The current Dollarway superintendent, Barbara Warren, was appointed to lead the troubled district by the state board after the most recent state takeover last December. (She was formerly the director of the Arkansas River Education Service Cooperative.) Although she toured the building in December soon after meeting with Mayor Hudson, Warren said she didn't realize at that time the old school contained all that it did.
Since being told about the derelict student records, Warren said, "We've gotten [them] and brought them to a place that's safe in the district." (When this reporter visited the facility, no student records were immediately visible, although old paperwork was strewn about rooms that appeared to be administrative offices.)
Warren said taking stock of the books, furniture and other resources remaining in the building is a work in progress. "For sure, anything that is useable we want to be good stewards and get whatever in the hands of teachers and children, to be used," she said.
Warren said she student-taught in the building when it was a high school, adding, "I'm affiliated with Altheimer on a personal level. ... My dad pastored there for 20-plus years. That community means a lot to me."
Commissioner Key said Warren "has been absolutely fabulous" in addressing Dollarway's myriad difficulties.
"In a situation like Dollarway, we went in and there were so many problems that needed to be addressed," he said. "It's like medical triage. What do we do first? The fiscal concerns were very real, the academic concerns were very real — those were kind of the top-tier things. There were teacher contract issues ... [and] salary schedules had not been completed properly in years past. Obviously, when we found out about the Altheimer facility, that went on the list."
Hudson, who was elected mayor of Altheimer in 2014, said the city hopes to take ownership of the old school if the necessary repairs are done first. The gym and track could be used as a recreation facility for both youth and adults, she said. "Many people here have health problems, obesity ... They should have some place to walk inside." Hudson also has dreams of the building becoming a broader community center. "It could be used as an event space, for weddings. People could hopefully start businesses there. ... The Jefferson County Sheriff Department could put a substation in there."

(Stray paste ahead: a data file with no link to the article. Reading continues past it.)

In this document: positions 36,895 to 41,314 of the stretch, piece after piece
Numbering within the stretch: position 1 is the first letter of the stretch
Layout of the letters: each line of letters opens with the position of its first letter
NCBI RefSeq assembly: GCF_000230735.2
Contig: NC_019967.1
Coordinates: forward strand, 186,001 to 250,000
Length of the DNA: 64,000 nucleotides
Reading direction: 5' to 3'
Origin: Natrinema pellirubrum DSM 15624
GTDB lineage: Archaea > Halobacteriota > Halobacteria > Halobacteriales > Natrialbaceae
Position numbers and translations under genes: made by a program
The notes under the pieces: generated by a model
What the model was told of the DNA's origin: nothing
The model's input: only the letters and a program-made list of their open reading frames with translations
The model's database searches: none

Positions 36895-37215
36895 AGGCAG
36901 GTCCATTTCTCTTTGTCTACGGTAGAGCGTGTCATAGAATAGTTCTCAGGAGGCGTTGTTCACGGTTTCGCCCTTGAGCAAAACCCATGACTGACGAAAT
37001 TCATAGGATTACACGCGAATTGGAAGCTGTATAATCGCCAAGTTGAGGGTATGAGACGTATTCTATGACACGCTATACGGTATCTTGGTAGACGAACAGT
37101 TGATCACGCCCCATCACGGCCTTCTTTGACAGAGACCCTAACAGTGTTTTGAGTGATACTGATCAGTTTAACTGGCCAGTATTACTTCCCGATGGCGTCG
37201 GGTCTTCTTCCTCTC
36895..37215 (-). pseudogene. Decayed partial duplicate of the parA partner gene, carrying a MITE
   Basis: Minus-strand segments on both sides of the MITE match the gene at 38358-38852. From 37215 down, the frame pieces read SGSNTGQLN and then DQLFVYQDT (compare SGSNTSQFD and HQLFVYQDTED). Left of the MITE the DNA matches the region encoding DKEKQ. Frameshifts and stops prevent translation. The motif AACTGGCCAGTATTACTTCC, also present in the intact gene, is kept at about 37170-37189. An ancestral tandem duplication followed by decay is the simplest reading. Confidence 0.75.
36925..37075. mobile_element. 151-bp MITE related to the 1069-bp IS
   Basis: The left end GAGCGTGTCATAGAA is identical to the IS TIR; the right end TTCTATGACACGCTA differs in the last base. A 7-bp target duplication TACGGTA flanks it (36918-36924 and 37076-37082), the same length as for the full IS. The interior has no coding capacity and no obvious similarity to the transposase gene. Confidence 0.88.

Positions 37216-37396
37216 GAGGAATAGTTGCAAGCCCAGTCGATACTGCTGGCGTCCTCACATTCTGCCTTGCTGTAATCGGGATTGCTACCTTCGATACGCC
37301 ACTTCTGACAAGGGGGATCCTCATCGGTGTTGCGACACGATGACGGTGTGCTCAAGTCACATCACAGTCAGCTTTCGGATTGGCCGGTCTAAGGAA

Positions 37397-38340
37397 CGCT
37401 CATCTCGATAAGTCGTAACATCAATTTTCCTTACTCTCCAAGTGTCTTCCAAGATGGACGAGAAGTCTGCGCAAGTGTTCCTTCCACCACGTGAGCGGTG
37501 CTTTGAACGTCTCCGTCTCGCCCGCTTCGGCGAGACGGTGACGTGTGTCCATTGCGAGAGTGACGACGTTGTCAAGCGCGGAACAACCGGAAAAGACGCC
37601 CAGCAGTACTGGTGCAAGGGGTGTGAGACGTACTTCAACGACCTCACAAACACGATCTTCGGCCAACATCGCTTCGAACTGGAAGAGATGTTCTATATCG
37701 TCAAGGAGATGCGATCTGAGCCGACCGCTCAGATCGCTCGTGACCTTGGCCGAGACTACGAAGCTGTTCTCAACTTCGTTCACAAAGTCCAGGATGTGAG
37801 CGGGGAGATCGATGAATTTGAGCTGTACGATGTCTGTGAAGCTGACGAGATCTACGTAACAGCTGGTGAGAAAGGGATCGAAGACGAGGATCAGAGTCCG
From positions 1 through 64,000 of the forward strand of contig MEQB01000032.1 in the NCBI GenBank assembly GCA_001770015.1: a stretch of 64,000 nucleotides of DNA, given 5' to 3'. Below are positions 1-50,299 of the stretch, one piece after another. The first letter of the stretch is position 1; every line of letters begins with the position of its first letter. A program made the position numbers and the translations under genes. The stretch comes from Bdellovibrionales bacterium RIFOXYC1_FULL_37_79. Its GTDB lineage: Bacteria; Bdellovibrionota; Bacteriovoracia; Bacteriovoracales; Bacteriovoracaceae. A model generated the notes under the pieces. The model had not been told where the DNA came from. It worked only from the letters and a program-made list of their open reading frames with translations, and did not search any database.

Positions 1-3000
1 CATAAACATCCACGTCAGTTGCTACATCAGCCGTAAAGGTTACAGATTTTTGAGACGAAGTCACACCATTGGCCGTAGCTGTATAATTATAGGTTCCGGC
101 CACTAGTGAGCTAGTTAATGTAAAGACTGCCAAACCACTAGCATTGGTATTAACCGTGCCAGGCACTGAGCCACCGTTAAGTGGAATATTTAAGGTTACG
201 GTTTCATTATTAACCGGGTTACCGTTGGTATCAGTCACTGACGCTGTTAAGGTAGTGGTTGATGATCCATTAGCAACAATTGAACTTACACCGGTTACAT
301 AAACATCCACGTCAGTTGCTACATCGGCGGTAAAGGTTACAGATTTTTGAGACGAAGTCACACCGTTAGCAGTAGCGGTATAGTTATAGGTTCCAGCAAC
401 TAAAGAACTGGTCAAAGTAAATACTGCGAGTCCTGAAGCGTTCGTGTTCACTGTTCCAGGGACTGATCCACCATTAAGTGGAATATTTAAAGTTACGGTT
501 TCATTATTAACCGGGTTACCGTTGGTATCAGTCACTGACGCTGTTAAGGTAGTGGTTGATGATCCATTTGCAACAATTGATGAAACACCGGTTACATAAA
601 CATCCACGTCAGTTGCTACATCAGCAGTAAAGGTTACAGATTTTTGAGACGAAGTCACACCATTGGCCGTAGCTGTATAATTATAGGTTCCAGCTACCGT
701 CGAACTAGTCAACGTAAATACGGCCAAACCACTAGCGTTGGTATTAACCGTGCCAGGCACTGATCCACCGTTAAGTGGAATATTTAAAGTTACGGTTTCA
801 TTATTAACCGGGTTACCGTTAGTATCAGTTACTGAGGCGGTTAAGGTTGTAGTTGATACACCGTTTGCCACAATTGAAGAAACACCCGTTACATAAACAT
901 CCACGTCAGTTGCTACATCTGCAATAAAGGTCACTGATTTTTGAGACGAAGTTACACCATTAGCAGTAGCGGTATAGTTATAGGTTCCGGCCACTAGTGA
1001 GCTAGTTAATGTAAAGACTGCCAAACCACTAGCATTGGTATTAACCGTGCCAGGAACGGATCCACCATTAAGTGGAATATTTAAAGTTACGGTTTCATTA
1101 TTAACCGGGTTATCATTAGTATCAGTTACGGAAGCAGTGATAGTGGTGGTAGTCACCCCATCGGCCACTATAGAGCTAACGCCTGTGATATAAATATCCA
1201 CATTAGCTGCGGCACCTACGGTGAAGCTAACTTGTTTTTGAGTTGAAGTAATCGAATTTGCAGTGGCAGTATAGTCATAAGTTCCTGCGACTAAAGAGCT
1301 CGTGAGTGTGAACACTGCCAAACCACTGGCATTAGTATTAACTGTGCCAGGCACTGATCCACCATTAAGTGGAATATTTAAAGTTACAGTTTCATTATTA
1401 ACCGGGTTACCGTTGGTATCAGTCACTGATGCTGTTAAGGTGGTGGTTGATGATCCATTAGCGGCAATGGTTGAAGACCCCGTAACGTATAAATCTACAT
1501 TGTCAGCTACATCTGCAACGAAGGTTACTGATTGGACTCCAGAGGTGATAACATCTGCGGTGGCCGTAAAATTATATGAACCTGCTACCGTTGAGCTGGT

Like others, Hudson is frustrated with the neglect of the property. "If you don't do something with a property, it's going to go down," she said. "When [the Dollarway School District] left the building, everything was in good condition." She also recognizes, though, that "[Superintendent Warren] is new, and I'm new, so there are a lot of things that happened prior to us being appointed and elected."
Warren said she'd "love to see the city have that building, if that is feasible," but cautioned that "there are legal ramifications when you talk about donating" real estate. "Naturally, you wouldn't want to hand over something in bad condition," she added.
But who will pay to repair the damage that's been done by three years of abandonment? Dollarway is in fiscal distress and can't afford to do renovations. It's not even clear what the insurance status of the building is. Warren said she is in the process of researching whether claims have been made regarding damage and theft.
Key said the state is "committed to helping Ms. Warren and the mayor and Sen. Flowers ... find what resources might be available," including discretionary funds from the governor's office or an inmate work crew from the Arkansas Department of Correction to maintain the grounds. One possibility, he said, is helping the town secure a rural development grant from the U.S. Department of Agriculture.
The Education Department itself does not have a program for funding such repairs, Key said. He said there's no "clear legal obligation" for the department to make sure a school district under state control is maintaining school facilities that have been shut down.
The state provides some support for public school facilities through the Arkansas Division of Public School Academic Facilities and Transportation, an entity that's distinct from the Education Department. However, the director of the facilities division, Brad Montgomery, said it has no authority to monitor abandoned school buildings.
"When that building ceases being used as an academic facility, we have very little involvement in it," he said. "If we're asked to assess, we can send a team down to do a walk-through. ... There are some things that we can suggest to a district, but we have no code authority or inspection authority for an inactive facility that's fallen into disrepair."
It's unclear whether other abandoned facilities throughout the state might be similarly situated. Montgomery provided a list of vacant school buildings known to the facilities division: In 2015, a survey of districts showed there were at least 239 vacant buildings in 41 districts (although 96 districts did not respond to the question). But Montgomery, who was maintenance director at the Pulaski County Special School District before joining the state facilities division, said it's unusual for a school district to abandon a facility without taking stock of what can be repurposed.
"That's what a maintenance director lives for — producing money where there is none," he said. "Most directors are not going to sit there and let a building full of furnaces and air conditioners and other appliances get pilfered when there's a need for them at another building."
Flowers said that's no excuse for what happened in Altheimer. "I don't know if you have the same situation in other districts," she said. "You probably do. But what you don't have is a district in takeover — that's being run by the state — in a condition like this."